LinkedIn is more than just a sales platform, but it can lead to sales if you take advantage of both your profile and the ability to engage with connections. As with any social platform, being authentic and genuine leads to a better experience for both you and those you are interacting with.

At LaFleur, We Put the Social in Social Media

At LaFleur, we understand the importance of being engaging and creating an authentic connection on social media. With any social posts for ourselves or our clients, we strive to help others and build meaningful relationships. We’re not just filling the socialsphere with more noise.

If you are looking to take advantage of the power of Linkedin for you or your organization, we would love to chat. Please call us at (888) 222-1512 or complete a brief contact form to speak with one of us. Taking a few steps toward optimizing your profile and creating quality content can go a long way to reaching your marketing goals.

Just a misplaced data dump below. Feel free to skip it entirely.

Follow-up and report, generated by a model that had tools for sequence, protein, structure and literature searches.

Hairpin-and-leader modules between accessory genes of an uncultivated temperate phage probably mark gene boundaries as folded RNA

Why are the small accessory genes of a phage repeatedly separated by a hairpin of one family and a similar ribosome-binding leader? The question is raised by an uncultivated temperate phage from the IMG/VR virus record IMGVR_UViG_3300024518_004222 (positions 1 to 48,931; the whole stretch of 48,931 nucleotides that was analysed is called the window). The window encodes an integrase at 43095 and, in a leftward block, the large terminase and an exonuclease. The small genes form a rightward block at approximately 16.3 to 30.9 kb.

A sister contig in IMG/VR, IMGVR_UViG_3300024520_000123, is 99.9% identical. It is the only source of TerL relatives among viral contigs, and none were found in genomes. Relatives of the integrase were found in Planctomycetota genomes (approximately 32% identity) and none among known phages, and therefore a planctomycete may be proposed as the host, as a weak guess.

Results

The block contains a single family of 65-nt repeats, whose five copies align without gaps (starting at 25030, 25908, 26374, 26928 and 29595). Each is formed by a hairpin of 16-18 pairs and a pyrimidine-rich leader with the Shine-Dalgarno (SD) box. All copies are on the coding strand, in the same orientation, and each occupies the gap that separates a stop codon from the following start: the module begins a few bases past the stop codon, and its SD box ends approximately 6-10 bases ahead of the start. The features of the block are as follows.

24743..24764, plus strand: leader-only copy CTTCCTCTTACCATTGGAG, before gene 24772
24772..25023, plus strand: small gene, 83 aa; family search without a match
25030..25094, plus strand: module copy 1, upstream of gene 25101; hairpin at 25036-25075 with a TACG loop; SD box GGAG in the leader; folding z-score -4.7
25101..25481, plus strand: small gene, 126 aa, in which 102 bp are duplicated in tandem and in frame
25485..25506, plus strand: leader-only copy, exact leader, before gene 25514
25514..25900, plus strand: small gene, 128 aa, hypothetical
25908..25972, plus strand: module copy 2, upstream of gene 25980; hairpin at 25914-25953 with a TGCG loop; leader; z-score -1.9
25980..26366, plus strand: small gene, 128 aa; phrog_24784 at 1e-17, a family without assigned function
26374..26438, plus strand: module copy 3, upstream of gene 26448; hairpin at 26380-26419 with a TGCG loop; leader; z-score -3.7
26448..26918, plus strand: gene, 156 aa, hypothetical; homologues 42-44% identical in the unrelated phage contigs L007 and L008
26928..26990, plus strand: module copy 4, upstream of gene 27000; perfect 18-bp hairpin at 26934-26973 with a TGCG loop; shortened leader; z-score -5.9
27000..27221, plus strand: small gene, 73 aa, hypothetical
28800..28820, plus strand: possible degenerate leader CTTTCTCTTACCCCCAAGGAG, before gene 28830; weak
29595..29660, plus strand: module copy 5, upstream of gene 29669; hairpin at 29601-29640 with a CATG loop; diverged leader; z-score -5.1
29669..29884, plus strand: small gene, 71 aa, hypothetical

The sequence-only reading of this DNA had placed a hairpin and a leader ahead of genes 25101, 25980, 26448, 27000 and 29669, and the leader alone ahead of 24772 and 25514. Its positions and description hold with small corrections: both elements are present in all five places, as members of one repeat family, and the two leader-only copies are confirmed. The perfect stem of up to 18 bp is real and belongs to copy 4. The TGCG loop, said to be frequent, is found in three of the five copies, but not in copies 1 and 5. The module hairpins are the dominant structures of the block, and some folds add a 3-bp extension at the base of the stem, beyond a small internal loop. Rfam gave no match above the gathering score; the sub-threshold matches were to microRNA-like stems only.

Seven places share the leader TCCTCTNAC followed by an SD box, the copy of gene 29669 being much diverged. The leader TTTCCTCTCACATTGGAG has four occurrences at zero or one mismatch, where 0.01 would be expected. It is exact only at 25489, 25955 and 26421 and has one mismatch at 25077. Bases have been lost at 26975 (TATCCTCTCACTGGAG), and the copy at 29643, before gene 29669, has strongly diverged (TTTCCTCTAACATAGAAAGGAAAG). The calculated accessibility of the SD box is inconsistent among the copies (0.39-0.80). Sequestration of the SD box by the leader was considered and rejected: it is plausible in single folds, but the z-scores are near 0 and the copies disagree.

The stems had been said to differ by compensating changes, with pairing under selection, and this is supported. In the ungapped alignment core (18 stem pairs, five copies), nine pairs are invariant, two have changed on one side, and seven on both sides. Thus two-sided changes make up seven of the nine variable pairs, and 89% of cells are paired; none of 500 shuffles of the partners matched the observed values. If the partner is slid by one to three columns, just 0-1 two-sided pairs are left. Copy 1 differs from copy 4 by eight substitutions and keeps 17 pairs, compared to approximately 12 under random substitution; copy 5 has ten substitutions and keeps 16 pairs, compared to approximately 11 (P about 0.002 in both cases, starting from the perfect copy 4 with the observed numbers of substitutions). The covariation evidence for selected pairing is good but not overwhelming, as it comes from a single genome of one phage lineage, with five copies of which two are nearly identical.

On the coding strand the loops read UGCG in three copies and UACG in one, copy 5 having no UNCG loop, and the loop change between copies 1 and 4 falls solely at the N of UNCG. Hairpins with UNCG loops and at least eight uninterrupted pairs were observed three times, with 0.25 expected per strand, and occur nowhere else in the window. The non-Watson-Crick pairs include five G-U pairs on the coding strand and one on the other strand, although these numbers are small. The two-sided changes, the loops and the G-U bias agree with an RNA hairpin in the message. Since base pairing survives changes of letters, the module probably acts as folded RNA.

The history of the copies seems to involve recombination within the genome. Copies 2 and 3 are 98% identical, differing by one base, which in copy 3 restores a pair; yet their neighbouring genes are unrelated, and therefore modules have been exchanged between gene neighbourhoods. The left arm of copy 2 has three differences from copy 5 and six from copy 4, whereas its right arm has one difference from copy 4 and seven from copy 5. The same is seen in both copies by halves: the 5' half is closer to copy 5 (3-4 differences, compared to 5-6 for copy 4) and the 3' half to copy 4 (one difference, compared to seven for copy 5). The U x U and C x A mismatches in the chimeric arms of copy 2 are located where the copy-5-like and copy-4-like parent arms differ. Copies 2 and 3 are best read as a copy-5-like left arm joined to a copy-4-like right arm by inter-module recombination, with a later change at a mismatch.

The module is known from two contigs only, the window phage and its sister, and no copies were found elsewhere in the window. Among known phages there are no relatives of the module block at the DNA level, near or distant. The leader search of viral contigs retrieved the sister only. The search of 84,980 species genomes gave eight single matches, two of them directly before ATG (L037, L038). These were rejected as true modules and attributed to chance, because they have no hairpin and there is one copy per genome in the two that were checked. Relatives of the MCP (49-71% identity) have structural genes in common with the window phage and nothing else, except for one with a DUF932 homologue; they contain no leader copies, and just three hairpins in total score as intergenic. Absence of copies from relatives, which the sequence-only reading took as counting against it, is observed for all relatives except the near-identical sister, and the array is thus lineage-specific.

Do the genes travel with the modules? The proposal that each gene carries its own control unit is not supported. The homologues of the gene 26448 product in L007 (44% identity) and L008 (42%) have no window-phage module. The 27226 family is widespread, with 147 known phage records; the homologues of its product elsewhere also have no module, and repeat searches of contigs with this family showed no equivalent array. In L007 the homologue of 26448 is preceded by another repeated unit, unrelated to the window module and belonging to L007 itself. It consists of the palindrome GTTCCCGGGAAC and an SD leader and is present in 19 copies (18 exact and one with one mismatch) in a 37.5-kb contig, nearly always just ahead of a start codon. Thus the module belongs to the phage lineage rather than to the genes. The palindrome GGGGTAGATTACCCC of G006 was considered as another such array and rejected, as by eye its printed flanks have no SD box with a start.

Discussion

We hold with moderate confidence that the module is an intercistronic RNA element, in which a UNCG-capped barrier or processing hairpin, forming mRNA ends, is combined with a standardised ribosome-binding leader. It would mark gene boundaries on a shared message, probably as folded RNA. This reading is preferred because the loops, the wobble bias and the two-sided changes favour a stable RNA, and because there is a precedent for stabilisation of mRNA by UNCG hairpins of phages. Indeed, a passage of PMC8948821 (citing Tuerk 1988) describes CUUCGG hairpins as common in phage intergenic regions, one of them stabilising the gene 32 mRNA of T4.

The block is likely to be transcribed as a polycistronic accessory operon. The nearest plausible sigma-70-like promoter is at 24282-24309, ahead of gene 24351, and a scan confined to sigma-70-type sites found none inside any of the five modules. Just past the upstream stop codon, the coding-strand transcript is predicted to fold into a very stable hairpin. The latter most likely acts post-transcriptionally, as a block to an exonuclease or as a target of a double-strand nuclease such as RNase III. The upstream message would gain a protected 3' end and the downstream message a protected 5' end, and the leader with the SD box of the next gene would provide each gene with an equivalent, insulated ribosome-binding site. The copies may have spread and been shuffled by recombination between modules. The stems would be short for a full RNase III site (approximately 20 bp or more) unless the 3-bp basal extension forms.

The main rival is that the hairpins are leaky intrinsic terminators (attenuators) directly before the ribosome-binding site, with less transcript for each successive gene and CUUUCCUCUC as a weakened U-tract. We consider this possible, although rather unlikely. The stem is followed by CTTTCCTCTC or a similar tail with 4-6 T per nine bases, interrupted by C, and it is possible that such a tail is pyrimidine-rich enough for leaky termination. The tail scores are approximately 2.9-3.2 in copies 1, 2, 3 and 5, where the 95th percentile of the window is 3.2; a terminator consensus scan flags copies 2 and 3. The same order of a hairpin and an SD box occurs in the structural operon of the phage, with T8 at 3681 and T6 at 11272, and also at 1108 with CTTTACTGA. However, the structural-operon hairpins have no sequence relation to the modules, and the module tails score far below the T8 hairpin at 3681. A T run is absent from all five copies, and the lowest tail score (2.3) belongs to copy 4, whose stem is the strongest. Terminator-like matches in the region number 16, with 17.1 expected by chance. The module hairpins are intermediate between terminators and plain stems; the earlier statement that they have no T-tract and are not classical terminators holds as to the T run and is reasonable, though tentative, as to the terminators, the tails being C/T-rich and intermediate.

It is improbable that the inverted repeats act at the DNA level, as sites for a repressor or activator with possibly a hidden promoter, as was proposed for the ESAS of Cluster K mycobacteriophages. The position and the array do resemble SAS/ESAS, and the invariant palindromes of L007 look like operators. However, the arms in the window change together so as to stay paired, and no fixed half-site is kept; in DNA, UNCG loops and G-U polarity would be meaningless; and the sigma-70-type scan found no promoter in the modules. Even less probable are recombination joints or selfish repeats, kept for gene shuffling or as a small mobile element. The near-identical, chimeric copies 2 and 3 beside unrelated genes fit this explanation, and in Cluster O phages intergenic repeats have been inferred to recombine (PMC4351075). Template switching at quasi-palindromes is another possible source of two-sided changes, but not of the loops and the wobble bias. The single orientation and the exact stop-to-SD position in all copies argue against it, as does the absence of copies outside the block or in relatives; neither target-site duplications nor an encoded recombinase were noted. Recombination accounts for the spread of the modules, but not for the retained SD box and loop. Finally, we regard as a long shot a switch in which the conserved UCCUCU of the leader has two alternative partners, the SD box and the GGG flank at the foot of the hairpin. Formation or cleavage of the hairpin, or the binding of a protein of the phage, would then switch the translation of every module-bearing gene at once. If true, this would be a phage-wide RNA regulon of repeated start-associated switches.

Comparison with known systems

Influence Your Potential Clients’ Decisions Through Strategic Digital Marketing

Your Clients Use the Internet to Make Decisions

Legal prospects are increasingly reliant on the internet for information about law firms and legal services, which means your potential clients are already researching you online. But simply publishing a website isn’t enough to engage today’s more sophisticated audiences. You need a robust, multi-platform marketing strategy that is engaging, fosters brand loyalty, and tracks user data.

The statistics are stunning:

  • The internet is the top influencer in consumer decision-making
  • Facebook influences 52% of consumer’s online and offline purchases — more than any other social media platform
  • Between 2014 and 2016, LinkedIn content consumption increased by 21%